Posted on June 25, 2012 by Bob Corlett
Great candidates often choke under the pressure of interviews. Among well-qualified candidates, at least a third (and maybe half) of all interviews are ruined by self-inflicted wounds–preventable mistakes that a job seeker could have avoided with better preparation. An interview is a “make or break” moment in your career, and far too many people handle it badly.
So, assuming you are being interviewed for a job that fits your qualifications, why won’t you get it?
- You walked in lightly informed, but not well informed. You spent about an hour preparing for the interview, but you should have spent three. So you could not relate your experience to their needs, because you did not yet understand their needs. Insufficient preparation is the biggest interview killer, and it causes the next two major mistakes.
- You did not directly and forthrightly answer their questions. You did not think about what kinds of questions you would be asked, and you did not prepare clean, concise, authentic answers to their predictable questions. So you ended up talking too much and saying too little. This is the second biggest killer of interviews. (And here’s what you can do about it).
- Finally, when given a chance, you asked the wrong questions. You did not demonstrate curiosity about the organization, their challenges, or how you could help. Your questions were either simplistic, dull, or all about you. Asking, “Do you have flex-time?” will not endear you to the hiring manager. You can always ask those kinds of questions after you get the job offer. Before you get the job offer, you want to be asking questions about how you can make a significant impact on the job … giving them a reason to hire you. Curiosity is the one attribute that smart employers look for, but job seekers rarely demonstrate.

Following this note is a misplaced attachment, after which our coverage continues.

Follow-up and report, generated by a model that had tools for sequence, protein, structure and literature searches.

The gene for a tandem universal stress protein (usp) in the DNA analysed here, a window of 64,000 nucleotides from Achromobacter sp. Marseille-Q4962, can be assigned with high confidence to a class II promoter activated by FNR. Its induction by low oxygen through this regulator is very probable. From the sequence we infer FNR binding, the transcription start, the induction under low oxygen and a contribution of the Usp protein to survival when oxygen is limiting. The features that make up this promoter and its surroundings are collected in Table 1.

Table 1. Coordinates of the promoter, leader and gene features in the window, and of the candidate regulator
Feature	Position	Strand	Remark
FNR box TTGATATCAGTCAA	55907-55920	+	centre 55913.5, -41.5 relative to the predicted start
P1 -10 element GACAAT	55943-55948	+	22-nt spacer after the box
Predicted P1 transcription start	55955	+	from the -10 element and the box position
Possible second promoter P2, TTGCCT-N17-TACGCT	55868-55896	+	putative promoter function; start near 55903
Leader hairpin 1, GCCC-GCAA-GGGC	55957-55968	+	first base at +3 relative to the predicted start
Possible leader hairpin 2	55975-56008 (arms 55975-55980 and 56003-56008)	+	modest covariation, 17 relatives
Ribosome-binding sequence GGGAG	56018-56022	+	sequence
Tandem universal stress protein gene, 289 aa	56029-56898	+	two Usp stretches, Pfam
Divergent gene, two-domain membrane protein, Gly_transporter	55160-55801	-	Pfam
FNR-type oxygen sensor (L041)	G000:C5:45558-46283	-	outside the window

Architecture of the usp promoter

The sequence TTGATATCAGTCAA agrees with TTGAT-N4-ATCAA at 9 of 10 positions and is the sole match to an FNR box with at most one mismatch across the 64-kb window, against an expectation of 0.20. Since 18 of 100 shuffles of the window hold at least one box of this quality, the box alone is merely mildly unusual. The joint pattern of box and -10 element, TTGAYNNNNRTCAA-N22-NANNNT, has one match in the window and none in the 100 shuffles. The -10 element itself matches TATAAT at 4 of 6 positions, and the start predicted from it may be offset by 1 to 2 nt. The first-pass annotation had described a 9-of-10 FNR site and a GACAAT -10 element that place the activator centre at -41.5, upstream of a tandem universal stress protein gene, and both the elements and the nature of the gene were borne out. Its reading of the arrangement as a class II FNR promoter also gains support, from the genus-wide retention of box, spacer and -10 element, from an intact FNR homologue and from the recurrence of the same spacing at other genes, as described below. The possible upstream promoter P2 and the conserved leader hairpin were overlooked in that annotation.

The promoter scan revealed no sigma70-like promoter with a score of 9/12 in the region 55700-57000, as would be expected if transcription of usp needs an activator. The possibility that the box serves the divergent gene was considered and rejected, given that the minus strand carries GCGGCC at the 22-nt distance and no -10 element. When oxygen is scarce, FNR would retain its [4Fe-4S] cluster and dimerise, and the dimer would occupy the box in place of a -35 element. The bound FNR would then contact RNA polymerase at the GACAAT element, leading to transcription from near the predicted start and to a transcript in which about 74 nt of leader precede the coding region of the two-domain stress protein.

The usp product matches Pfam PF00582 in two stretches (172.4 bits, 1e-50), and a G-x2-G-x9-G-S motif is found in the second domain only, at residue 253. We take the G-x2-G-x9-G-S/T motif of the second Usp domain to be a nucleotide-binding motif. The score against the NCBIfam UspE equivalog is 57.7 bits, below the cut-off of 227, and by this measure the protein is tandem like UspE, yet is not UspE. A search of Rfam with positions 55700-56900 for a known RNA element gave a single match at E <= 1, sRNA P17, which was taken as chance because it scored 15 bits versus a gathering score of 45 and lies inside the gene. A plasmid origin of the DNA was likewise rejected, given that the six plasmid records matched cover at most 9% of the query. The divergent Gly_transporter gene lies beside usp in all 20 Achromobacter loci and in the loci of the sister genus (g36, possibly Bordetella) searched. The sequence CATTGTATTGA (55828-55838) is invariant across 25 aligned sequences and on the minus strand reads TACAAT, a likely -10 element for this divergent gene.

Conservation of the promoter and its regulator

Filed under: Interview Advice | Tagged: company research, Interviewing | 2 Comments »
Posted on March 26, 2012 by Bob Corlett
One of our most popular posts was on “How to Introduce Yourself to a Search Firm.” But what happens when you have already been contacted by a search firm and are going on an interview with one of their clients?
What is the etiquette for working with the search firm? What is expected of you? What can you expect from them?
Some firms may differ, but in general these are the expectations:
- Before the Interview: The search firm will give you the date, time and location of the interview, and usually parking information and/or the closest metro stop. The search firm will usually give you the name and title of everyone you are expecting to meet, and how long the interview is expected to last (but of course good interviews often run overtime). Your role: Your job is to research the people and the company, and to write down at least a dozen intelligent questions you would like to ask. (Hint: “Do you have Dental insurance?” is not an intelligent question). To arrive to an interview without preparing questions in advance is a breach of etiquette and for many interviewers, is an automatic strikeout. If you cannot think of what to ask, simply ask your search firm contact for some ideas, or see our post on how to research a company.